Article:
Ali's new normal - News & Updates • Breast Cancer Foundation NZ

Ali's new normal

For Ali Coomber, living well after breast cancer looks like reading lots of books, regular yoga, connecting with family, and coming to terms with thoughts of recurrence.

Ali was 60 when her breast cancer was picked up during her annual mammogram in 2021. After finishing active treatment, she would feel concerned any time she felt a cold coming on, questioning whether this meant her cancer had come back.

Now, Ali knows that trepidation will always be there and has spent the last three years learning to cope with that.

“Making the fear okay takes the sharp edge off it. You have to sit with it, acknowledge it and then let it go, you can’t suppress it.”

During her treatment, she was at the hospital regularly for appointments, but as soon as active treatment was over, those ended as well as the regular connection with her medical team.

“Going from lots of hospital appointments, to nothing, was strange,” says Ali.

“I felt out on a limb, I have great family and personal support, but everything else felt a bit flat. Having someone to talk to after it all is so important.”

She’s grateful for the “marvellous” support she received from an old colleague who had also been through breast cancer. Fiona came to appointments with her, acting as a second pair of ears and was a sounding board for any questions Ali had.

While Fiona’s experience had been different, her perspective was always helpful, says Ali, as was her compassion and empathy.

After her diagnosis, Ali quickly went back to work, but was hit by the realization of how stressful her job and routine actually were.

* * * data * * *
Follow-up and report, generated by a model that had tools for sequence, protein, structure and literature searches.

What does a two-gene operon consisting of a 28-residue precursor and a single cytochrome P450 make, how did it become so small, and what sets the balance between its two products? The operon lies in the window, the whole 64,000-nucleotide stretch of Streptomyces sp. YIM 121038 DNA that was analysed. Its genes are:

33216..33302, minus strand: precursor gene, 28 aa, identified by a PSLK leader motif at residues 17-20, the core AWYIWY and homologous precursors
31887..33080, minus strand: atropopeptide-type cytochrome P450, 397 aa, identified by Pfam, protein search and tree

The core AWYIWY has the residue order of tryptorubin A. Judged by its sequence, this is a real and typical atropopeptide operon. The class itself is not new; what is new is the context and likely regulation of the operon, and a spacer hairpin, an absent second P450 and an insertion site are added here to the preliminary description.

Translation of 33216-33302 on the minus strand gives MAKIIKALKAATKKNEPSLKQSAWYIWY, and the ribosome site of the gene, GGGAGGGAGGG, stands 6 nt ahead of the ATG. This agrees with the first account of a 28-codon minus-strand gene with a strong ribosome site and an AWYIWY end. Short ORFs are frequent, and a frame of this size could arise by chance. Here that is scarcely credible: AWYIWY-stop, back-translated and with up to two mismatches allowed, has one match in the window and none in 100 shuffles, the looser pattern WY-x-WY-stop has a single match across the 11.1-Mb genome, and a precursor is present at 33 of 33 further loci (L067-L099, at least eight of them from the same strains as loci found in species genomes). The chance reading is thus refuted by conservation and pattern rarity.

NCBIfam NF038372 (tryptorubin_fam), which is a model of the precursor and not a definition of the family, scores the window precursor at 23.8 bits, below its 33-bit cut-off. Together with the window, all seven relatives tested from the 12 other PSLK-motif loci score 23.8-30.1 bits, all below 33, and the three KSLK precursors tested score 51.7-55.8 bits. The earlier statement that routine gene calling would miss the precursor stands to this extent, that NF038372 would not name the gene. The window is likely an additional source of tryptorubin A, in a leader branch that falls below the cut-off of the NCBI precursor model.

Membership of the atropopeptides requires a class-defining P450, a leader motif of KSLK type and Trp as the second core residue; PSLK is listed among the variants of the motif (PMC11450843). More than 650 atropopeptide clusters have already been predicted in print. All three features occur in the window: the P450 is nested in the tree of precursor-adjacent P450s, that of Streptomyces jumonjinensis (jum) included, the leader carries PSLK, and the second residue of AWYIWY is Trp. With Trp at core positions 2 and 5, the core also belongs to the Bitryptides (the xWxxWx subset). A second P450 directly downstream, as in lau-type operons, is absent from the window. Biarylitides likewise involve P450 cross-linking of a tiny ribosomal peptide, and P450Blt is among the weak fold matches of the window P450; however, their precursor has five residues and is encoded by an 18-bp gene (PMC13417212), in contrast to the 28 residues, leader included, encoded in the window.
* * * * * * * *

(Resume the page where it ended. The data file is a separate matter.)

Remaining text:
She took stock of her life, making the decision to transfer her job as a senior library assistant in Auckland up north to Warkworth.

It took awhile for Ali to settle down in her new home, but the move has made all the difference – her life is easier and less busy here, which gives her all the more time to focus on the aspects of life that bring her joy.

“I got back into yoga, I read a lot of books, I have my Buddhist community and meditation and I get involved where I can.”

Relationships have also become very important for Ali, who has spent a lot of time reconnecting with family and friends and making new friends too.

Ali is part Samoan and she feels strongly about making connections and getting involved with Pacific communities, especially when it comes to raising awareness for breast cancer: “anything I can do to help my Pacific women,” she says.

Last year, she shared her experiences with breast cancer on the panel of a Q+A session on breast cancer in Māori, Pasifika and Indigenous populations, run by Australian research organisation Breast Cancer Trials.

Attending and speaking at the event was a great opportunity to meet with other indigenous woman, to hear about the challenges and successes, listen to other participants such as researchers and clinicians, regarding their work and outreach, says Ali. It was a wonderful for medical personnel and the public to grow understanding around breast cancer and indigenous groups.